Rose’s mentality has grown and transformed over the years, but his core principles are those of a winner, even according to Chinese general and philosopher Sun Tsu. Tsu wrote of similar principles in his storied military guide The Art of War around 1,400 years before Rose was born.
“Victorious warriors win first and then go to war, while defeated warriors go to war first and then seek to win.”
Yet, despite his accolades and achievements as a professional lacrosse player, the most significant accomplishment that has evaded Rose and his teams is winning an NLL Championship.
In 2015, Rose and the Rock came close to winning a championship. They made it to the finals but were stopped by the Saskatchewan Rush, who were just beginning their dominant run in the NLL.
Damon Edwards, Rose’s teammate on the Rock from 2012-2020, reminisced about the finals run and how difficult it was to go up against such a strong Rush side.
“We ran into a team that was starting a dynasty over there,” Edwards said. “But, that 2015 [Rock] team was one of the best, and closest, teams I’ve ever been on.”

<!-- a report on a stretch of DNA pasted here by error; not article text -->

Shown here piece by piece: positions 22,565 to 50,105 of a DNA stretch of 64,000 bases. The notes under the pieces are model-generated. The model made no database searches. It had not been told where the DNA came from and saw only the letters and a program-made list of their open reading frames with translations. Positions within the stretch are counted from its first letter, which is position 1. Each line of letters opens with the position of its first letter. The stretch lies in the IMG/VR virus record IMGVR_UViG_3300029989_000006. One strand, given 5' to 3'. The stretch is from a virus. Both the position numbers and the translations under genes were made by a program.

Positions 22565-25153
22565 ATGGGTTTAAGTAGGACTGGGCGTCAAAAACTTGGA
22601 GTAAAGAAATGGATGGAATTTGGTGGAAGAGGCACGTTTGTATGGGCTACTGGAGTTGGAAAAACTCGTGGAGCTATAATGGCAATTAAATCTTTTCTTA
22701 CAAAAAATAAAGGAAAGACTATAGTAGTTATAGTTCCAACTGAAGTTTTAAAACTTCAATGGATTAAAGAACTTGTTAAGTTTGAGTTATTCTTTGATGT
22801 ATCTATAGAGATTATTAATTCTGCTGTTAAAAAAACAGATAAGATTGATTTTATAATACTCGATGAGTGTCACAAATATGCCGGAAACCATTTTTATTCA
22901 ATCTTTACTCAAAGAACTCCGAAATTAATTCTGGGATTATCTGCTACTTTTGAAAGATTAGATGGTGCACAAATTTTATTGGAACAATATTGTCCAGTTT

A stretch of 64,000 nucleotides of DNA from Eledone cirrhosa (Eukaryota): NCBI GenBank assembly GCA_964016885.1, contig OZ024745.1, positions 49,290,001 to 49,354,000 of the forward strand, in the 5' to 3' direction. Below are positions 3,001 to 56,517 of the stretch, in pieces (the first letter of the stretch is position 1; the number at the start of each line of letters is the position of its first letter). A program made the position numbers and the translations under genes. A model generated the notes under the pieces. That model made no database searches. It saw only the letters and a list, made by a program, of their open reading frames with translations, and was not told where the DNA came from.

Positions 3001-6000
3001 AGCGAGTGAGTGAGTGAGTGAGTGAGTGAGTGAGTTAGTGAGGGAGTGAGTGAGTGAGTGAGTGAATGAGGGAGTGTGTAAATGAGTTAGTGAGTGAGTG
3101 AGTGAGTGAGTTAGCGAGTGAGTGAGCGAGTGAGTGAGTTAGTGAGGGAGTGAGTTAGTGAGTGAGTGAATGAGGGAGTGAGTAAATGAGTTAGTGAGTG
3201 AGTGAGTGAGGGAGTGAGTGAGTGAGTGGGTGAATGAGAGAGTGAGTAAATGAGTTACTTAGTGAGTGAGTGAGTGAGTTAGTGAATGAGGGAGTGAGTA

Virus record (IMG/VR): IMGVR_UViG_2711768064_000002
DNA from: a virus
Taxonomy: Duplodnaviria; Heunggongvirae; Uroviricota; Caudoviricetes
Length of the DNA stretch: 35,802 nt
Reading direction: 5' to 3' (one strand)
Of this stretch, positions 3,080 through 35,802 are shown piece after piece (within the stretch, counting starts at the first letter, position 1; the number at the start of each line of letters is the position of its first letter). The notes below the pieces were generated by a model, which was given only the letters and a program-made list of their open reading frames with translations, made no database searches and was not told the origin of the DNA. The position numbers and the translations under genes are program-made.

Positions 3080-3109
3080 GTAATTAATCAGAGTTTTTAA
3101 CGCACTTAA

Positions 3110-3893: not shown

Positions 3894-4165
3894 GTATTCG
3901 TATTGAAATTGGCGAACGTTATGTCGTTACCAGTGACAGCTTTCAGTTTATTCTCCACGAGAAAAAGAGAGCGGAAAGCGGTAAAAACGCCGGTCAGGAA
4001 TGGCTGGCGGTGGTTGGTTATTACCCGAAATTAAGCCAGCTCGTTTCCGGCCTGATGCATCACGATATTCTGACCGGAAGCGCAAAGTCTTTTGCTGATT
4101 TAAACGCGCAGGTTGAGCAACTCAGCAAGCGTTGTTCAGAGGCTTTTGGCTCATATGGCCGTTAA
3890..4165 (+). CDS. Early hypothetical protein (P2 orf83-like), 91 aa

Edwards is no longer with the Rock – he now plays for the New York Riptide – but he wishes that he, Rose and the Rock could have shared that particular moment of hoisting the trophy in triumph after a long season. Especially now, since these friends are now opponents, if the Rock won a title, it would mean that the Riptide are not the champions.
“I would’ve given a lot win a championship for, and with him – he’s one of my best friends,” Edwards said. “I definitely think he’s one of the most deserving guys that hasn’t won a championship… I just hope, if and when he wins one, he doesn’t do it against my team.”
Rose and the Rock know better than most what it’s like facing a dynasty because, when Rose was a young boy, he grew up watching the Rock’s dynasty that won four championships and attended five straight NLL Finals from 1999-2003. Unfortunately, following that 2015 run, the Rock have not battled in the finals since.
It’s a sad reality for many athletes, including some of the best to ever play, to not win a championship especially when you’ve played for so many productive years. Rose is one of a handful of NLL all-stars who have played for at least 10 seasons and have never won a championship.